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Ancient Egyptian LiteratureTheory and Practice$
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Roland Enmarch and Verena M. Lepper

Print publication date: 2013

Print ISBN-13: 9780197265420

Published to British Academy Scholarship Online: January 2014

DOI: 10.5871/bacad/9780197265420.001.0001

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Lone Heroes or Collaborative Communities? On Sumerian Literature and its Practitioners

Lone Heroes or Collaborative Communities? On Sumerian Literature and its Practitioners

Chapter:
(p.45) 4 Lone Heroes or Collaborative Communities? On Sumerian Literature and its Practitioners
Source:
Ancient Egyptian Literature
Author(s):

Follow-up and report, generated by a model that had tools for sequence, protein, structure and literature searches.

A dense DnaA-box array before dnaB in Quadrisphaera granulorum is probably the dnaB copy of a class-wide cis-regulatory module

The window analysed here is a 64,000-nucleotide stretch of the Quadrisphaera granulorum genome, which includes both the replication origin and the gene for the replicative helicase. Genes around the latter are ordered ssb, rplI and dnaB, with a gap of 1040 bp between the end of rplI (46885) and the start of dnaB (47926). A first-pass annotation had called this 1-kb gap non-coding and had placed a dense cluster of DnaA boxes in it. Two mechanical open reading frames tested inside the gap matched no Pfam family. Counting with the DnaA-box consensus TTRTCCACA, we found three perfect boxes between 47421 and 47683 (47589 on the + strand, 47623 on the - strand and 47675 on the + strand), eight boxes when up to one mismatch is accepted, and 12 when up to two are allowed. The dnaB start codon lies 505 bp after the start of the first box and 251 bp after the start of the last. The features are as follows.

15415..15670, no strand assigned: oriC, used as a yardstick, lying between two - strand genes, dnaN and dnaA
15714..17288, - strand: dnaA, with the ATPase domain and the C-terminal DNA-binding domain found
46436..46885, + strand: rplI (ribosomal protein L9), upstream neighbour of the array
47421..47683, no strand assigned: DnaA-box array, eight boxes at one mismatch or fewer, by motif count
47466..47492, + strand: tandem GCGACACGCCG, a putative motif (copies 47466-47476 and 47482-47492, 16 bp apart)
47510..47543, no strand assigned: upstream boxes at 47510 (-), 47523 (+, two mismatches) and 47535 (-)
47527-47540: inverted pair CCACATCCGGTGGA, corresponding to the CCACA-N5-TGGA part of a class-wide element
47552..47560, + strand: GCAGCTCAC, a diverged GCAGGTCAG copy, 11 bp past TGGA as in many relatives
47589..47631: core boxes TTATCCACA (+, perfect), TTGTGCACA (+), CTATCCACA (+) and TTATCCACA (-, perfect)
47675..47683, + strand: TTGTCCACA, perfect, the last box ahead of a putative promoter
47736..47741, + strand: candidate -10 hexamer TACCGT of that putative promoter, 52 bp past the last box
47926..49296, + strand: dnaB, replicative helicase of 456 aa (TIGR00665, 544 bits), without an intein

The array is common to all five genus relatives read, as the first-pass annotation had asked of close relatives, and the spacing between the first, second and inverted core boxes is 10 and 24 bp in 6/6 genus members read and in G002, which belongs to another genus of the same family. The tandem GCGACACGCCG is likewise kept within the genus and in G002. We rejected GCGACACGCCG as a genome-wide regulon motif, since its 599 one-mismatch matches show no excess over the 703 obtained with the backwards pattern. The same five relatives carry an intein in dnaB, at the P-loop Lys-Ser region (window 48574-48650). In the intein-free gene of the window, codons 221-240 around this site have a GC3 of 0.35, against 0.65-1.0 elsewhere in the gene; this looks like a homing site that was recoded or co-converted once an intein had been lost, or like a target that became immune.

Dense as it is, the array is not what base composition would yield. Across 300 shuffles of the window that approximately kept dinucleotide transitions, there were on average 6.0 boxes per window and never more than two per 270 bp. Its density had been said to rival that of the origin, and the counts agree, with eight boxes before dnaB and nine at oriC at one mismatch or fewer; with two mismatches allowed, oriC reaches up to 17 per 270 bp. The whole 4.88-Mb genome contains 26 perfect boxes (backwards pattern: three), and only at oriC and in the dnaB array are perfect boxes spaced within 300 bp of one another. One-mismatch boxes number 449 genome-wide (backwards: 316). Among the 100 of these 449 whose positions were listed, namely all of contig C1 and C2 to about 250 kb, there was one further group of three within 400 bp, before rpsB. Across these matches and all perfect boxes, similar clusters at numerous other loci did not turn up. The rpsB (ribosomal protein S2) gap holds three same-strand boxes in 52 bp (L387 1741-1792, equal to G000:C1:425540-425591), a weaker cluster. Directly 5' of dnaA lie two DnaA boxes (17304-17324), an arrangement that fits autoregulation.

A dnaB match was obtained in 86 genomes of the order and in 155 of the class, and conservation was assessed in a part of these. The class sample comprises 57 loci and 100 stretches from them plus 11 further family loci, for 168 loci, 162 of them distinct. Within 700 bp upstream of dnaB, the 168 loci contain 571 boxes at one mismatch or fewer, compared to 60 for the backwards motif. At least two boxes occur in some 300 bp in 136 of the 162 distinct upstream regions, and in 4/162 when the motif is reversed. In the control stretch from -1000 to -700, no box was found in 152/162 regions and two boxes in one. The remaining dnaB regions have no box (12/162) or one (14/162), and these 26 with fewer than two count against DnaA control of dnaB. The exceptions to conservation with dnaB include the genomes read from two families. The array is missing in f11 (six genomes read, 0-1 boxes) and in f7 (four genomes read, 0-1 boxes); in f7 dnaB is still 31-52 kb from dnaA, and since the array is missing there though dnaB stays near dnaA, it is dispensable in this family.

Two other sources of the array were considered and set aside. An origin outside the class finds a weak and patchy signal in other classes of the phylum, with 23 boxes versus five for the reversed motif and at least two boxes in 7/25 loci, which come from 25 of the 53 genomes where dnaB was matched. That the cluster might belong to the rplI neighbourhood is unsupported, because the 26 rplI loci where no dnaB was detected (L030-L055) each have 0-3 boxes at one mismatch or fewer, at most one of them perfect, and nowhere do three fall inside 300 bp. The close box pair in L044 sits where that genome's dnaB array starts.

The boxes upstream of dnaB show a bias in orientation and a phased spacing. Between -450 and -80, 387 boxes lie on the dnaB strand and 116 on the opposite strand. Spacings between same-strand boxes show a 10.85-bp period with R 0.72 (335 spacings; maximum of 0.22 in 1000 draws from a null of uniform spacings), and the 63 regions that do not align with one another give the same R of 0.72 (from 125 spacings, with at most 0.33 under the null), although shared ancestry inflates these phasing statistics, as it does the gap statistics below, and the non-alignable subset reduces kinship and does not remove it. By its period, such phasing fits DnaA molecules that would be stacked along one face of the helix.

Eleanor Robson

Publisher:
British Academy
DOI:10.5871/bacad/9780197265420.003.0004

The Electronic Text Corpus of Sumerian Literature (ETCSL), a ten-year project to edit and analyse ancient Sumerian literature, came to an end on 31 August 2006. Like Egyptian, Sumerian is one of the world's oldest written literatures, with a classical corpus comprising some 500 compositions attested in many thousands of manuscripts from the early second millennium bc. This chapter reflects on how ETCSL has changed the practice of literary Sumerology, what it has not been able to achieve, and what could and should still be done. In particular, it argues that the collaborative working that projects like ETCSL foster has brought Sumerological practice much closer to ancient ideals of literacy — ideals that have themselves come to light through quantitative analysis of the ETCSL online corpus.

Keywords:   Mesopotamia, Sumer, Sumerian literature, cuneiform, scribal education, collaborative working, electronic Text Corpus, ETCSL, digital library, open access

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